Extreme Oil

The type of oil being shipped to the Northwest, and how it is extracted, has created a host of new health, safety and environmental problems.

Hydraulic fracturing, or “fracking” is a type of drilling that injects chemicals and water deep underground to break up underlying shale rock, releasing the oil and natural gas contained within it. Most of the oil currently coming into the Northwest on trains is fracked from the Bakken Shale Formation in North Dakota and Montana.

Fracking has been blamed for contaminating drinking water, diminishing property values, and even causing earthquakes. More than 15 million Americans now live within a mile of the hundreds of thousands of new wells that have been drilled since 2000.

Oil from the tar sands in the Canadian province of Alberta is expected to fill an increasing number of the oil trains coming into Washington and Oregon in the coming years. Extracting oil from the tar sands requires massive infrastructure, industrializes huge swaths of land, generates large quantities of toxic waste, and like fracking, consumes vast quantities of fresh water.

Because it requires so much energy and water to extract, oil from Alberta’s tar sands, generates much more of the pollution responsible for climate change than conventional oil.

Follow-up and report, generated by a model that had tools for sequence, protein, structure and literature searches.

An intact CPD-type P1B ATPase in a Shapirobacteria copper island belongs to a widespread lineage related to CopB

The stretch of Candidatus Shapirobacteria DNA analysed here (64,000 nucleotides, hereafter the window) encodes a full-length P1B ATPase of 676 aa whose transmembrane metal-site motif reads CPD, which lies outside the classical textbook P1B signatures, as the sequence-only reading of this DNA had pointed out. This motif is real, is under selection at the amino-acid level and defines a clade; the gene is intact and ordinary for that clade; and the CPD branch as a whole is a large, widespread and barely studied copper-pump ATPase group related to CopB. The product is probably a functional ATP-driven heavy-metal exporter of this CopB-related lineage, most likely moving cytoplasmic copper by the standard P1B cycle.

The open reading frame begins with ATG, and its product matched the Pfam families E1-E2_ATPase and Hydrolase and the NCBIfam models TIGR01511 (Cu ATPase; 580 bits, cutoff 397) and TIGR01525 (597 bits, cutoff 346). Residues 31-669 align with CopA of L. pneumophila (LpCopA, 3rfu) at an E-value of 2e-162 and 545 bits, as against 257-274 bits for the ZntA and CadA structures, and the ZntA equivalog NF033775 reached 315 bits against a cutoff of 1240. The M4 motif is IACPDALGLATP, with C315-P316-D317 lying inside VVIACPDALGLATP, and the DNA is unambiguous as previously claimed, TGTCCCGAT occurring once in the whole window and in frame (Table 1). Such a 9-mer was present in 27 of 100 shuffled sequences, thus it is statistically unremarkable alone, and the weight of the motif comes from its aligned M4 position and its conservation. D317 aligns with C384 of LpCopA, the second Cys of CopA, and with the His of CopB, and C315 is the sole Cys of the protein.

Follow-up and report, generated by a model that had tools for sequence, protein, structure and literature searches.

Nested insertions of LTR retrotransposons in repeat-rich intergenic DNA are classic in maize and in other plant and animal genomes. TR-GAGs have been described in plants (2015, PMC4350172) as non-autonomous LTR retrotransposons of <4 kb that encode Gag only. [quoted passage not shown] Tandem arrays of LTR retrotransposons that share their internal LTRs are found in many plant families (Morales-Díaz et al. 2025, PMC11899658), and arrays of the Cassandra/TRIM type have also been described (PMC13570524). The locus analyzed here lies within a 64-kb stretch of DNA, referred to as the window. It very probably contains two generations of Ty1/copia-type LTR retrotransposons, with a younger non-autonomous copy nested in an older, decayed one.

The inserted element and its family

Alan Taylor writing for The Atlantic magazine describes tar sands mining like this:

“Most of the current extraction process takes place in open-pit mines, with massive machinery scraping up the tarry sandstone and moving it to facilities for processing. As the name “tar sands”, or oil sands, implies, the heavy crude is found mixed in with sand, clay, and water, which must be removed, then the heavy crude must be “upgraded” to reduce viscosity and improve quality. Environmental activists have expressed concerns about the mining for years, citing destructive impacts on the land, the heavy carbon footprint of the laborious extraction and upgrade process, massive amounts of toxic byproducts, and studies that show oil sands crude emits more greenhouse gases than conventional crude oil.”

Because it sinks in water, tar sands oil, often called bitumen, can be extremely difficult and expensive to clean up. A pipeline break and spill of 834,000 gallons of bitumen into Michigan’s Kalamazoo River has so far cost $1.2 billion to clean up.

The properties of the oils produced today present concerns. Canadian bitumen crude oil in various forms raises spill response challenges. It may sink or submerge in water if spilled, making recovery of the oil difficult.

“Bakken crude oil has variable and often higher volatility than other forms of crude oil, putting public safety at risk.

“These hazards came to light in a tragic rail incident in Quebec when 47 people died as an oil train derailed and burned.”

Executive Summary

Marine Rail and Transportation Study, Washington State